Whole Foods Founder John Mackey’s Second Act Looks a Lot Like His First
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Wellness centers with fitness and spa services and plant-based restaurants could be coming to a town near you soon, thanks to John Mackey, the founder of Whole Foods Market.
When John Mackey and the original Whole Foods Market co-founders opened their doors in Texas in 1980, the vision was always about community. The store bought from local growers and makers. It focused on foods that were healthy—whole foods indeed—such as fresh fruits and vegetables, grains, beans, and small-farm-produced meat and dairy.
Whole Foods soon added more items to meet the demands of customers who were leaving the store to finish their shopping elsewhere. Mackey and the team brought in household items, beauty products, and more. Deli cases and salad bars soon sprouted up, as did wine shops and sustainable home goods. Then came the additional locations—more than 500 now—the commitment to organics, animal welfare standards, and stringent ingredient bans for food, personal, and household items.
In its heyday of expansions, Whole Foods was king, a master gentrifier, moving into up-and-coming neighborhoods, boosting local property values, and attracting like-minded businesses. And it set trends in the stores, too. No national chain store had ever sold grilled tofu in its deli case before Whole Foods. Now, there are vegan options at Burger King, KFC, and McDonald’s, among scores of others. The vegan food market is valued at more than $40 billion and growing in both retail and restaurants.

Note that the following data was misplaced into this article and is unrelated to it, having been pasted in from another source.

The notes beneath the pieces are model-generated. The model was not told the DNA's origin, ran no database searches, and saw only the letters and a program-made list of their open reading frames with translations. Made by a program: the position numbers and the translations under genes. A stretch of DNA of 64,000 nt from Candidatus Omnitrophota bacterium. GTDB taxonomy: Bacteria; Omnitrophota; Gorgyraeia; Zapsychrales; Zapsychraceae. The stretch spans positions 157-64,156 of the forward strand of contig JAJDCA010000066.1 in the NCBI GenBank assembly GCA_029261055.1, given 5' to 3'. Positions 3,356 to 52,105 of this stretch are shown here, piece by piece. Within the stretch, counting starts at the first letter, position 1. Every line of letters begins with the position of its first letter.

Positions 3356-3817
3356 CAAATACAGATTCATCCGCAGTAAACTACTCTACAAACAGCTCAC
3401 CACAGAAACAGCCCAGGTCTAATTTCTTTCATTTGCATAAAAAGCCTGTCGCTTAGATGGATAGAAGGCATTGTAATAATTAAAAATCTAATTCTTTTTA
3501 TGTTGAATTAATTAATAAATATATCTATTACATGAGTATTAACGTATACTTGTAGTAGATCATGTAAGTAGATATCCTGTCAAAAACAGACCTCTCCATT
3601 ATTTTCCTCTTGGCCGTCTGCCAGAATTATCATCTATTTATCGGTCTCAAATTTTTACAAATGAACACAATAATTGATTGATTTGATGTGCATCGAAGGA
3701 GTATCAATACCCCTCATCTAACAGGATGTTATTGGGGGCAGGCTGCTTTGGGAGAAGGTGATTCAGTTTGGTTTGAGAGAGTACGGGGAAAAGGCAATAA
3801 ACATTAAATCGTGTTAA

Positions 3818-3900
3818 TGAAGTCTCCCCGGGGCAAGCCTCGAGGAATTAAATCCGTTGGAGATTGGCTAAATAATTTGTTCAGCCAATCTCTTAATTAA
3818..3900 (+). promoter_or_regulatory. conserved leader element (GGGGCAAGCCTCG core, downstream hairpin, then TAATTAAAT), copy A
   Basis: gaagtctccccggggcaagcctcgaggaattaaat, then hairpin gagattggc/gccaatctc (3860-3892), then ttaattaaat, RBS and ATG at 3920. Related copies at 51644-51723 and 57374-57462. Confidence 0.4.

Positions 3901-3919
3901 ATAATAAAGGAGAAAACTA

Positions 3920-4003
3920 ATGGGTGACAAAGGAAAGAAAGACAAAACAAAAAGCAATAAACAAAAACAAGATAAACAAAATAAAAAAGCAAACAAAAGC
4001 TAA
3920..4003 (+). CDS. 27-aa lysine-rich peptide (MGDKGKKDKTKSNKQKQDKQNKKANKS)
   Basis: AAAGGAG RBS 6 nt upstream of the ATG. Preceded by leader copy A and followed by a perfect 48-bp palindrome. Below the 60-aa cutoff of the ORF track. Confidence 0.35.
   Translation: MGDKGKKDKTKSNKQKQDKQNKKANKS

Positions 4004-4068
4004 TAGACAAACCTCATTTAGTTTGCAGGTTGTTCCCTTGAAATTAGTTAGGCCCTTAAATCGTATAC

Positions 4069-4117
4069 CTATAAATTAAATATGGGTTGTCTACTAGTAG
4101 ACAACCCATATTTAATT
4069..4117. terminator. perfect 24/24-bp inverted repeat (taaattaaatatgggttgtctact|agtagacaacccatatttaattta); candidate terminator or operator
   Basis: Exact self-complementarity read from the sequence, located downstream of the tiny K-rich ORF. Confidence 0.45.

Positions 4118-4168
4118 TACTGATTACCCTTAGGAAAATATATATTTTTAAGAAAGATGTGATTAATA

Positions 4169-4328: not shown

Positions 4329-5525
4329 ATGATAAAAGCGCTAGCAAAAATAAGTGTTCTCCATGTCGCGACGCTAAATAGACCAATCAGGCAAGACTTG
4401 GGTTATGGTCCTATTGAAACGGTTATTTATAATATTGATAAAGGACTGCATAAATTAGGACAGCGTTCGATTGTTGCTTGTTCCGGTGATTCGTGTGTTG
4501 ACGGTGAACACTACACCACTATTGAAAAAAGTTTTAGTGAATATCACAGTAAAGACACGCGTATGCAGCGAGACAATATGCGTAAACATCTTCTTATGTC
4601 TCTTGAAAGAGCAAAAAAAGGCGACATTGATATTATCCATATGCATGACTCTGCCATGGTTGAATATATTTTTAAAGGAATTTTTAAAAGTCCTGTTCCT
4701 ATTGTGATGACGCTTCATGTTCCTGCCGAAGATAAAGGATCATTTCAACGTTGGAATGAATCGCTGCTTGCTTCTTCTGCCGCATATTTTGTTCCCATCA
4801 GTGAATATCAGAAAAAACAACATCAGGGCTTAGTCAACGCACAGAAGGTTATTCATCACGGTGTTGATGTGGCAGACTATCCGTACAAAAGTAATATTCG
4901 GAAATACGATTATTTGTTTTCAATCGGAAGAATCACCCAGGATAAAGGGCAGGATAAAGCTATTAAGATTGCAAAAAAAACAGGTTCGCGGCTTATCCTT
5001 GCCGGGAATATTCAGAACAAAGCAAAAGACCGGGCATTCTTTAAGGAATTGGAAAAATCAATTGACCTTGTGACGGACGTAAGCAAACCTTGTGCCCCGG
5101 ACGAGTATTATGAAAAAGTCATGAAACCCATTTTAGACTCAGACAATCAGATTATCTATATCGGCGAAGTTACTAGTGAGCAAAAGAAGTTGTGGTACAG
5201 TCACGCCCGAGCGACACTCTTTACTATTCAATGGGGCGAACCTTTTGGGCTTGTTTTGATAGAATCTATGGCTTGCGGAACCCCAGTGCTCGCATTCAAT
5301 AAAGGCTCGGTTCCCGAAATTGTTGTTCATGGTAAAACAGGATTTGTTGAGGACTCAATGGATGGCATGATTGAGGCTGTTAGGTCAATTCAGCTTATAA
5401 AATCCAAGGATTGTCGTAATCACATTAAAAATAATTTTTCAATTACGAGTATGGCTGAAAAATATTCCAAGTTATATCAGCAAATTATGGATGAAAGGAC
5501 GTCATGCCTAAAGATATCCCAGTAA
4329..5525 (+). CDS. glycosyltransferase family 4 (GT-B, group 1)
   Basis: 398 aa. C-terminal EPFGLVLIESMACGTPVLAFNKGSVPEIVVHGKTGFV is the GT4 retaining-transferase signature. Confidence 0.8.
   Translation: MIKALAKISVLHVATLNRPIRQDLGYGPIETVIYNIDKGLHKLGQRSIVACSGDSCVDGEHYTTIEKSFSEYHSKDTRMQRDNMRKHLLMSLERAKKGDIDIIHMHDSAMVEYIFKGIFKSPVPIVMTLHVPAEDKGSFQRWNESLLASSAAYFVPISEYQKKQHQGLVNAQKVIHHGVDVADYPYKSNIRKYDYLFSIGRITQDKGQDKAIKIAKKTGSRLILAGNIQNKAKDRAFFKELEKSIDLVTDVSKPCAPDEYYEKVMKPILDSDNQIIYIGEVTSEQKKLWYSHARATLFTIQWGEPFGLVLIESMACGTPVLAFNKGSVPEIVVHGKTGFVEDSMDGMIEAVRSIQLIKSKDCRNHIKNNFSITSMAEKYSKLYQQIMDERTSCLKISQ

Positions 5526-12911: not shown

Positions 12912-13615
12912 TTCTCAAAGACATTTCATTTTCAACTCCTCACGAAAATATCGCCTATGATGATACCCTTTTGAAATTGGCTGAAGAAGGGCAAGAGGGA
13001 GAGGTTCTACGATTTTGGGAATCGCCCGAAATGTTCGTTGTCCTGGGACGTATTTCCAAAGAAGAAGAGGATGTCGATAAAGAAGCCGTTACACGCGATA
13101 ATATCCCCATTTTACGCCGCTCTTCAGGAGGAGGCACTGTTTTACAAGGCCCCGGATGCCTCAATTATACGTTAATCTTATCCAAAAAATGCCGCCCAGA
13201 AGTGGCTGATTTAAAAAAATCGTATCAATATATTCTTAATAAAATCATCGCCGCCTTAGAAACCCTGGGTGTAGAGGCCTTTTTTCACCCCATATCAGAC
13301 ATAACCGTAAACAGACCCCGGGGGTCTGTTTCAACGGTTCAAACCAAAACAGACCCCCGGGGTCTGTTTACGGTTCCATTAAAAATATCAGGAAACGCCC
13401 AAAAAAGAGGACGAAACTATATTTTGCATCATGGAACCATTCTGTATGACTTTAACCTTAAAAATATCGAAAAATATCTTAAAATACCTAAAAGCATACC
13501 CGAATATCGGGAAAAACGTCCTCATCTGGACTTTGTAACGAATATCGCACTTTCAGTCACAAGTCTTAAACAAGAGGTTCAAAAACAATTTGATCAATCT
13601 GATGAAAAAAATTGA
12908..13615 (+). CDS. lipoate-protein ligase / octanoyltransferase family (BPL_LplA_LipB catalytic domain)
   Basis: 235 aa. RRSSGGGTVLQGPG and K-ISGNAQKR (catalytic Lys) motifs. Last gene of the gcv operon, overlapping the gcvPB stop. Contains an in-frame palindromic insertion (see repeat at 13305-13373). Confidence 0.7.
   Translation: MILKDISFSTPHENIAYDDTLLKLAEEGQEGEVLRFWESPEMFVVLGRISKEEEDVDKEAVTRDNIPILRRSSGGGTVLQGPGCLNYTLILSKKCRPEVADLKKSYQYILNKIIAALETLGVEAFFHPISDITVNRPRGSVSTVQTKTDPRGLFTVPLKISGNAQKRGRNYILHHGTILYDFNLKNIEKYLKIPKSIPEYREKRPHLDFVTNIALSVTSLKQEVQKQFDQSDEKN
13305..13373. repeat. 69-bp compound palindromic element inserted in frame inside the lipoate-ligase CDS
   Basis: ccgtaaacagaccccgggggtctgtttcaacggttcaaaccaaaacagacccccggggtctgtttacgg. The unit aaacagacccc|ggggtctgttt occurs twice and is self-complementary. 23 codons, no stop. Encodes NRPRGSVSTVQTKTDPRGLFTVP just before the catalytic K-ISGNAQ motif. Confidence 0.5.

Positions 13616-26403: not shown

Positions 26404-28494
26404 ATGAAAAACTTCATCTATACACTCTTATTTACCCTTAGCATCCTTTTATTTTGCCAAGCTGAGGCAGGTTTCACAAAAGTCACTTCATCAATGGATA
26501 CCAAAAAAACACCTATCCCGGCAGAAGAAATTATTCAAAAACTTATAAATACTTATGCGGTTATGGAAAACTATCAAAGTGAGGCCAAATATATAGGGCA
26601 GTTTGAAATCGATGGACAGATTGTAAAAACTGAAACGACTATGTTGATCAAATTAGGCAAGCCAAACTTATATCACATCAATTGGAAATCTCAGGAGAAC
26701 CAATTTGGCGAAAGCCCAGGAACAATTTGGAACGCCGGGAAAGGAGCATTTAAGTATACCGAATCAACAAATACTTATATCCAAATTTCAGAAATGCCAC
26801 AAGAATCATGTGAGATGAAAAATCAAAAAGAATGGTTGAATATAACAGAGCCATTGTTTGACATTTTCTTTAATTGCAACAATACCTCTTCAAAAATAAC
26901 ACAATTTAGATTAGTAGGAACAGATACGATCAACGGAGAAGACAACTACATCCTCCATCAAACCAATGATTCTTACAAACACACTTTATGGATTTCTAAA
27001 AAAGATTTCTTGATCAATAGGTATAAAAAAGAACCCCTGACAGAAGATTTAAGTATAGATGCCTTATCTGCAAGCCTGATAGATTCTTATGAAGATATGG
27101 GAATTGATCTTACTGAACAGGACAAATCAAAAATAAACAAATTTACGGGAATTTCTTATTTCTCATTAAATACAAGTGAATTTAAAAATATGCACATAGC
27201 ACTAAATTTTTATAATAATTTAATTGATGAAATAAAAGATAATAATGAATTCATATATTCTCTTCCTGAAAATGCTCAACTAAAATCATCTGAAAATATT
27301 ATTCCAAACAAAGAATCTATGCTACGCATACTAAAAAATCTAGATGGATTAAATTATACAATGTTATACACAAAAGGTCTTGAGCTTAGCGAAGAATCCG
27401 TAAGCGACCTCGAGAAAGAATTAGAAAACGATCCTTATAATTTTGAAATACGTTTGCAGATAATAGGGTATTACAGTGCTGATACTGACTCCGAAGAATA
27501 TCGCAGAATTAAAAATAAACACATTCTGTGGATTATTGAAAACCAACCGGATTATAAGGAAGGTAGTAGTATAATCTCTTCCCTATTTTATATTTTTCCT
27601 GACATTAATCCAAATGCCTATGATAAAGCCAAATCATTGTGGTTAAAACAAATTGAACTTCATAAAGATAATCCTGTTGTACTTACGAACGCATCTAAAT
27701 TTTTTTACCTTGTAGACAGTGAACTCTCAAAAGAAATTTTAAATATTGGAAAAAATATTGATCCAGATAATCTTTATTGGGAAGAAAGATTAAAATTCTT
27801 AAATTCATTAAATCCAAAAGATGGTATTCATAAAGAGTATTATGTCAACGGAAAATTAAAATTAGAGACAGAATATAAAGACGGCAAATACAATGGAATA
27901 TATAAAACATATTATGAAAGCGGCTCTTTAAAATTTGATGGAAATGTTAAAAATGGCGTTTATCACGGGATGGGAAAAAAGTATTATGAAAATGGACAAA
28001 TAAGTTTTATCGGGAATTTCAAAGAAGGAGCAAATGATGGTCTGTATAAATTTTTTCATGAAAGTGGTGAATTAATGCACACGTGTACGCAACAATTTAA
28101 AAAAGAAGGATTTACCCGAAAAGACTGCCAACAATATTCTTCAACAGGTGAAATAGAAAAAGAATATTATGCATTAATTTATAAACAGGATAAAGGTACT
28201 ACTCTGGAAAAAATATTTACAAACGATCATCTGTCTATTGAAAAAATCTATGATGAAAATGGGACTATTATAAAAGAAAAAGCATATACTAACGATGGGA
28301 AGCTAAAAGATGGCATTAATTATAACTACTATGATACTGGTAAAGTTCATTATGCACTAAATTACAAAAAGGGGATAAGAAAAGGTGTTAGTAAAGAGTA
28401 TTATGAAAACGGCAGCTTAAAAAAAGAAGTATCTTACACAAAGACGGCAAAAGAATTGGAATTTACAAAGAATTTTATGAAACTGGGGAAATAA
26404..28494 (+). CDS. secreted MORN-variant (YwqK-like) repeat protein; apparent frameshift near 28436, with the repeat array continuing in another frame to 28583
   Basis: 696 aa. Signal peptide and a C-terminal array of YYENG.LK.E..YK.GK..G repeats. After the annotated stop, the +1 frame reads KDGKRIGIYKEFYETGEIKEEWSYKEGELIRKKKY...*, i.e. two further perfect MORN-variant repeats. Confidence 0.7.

When Christine Muhlke wrote in the New York Times in 2017 that “the hippies have won,” she was largely referring to the Whole Foods effect: granola and kombucha, kale, and kraut that were fringe hippie foods in the 1970s became darlings of the high-end supermarket dubbed “Whole Paycheck” for its high prices.
Whole Foods punctuated a healthy lifestyle in other areas, too—selling yoga mats, meditation tools, and these adjacent wellness cultures went mainstream right alongside it—often in the same building.
Throughout the chain’s meteoric rise, it continued its focus on local community. There were “foragers” in each of the chain’s regional offices that brought in the local items the supermarket chains down the road didn’t carry. There were large posters throughout the stores introducing customers to the farmers and growers behind their food. There were community events, cooking classes, and grand opening parties that could rival Hollywood red carpet events.
Whole Foods after the Amazon sale
When Whole Foods sold to Amazon in 2017 for $13 billion, much of the company’s ethos stayed the same. But even with Mackey still at the helm until the end of this month, compare images of Whole Foods then and now, and the differences are noticeable: the uber-local focus is gone, for the most part. House brands have taken the place of best-selling name brands. Quirky sections of household and beauty items have been dramatically scaled down, if not completely removed. Even the deli offerings seem standardized instead of the focus on local favorites.
Not all the changes are bad ones, though: prices are better on most items throughout the store. hardly anyone calls it Whole Paycheck these days. Selections are consistent from location to location so favorite items are more reliable and easy to find. Amazon shoppers earn points and deeper savings. You can even drop off Amazon returns at any Whole Foods.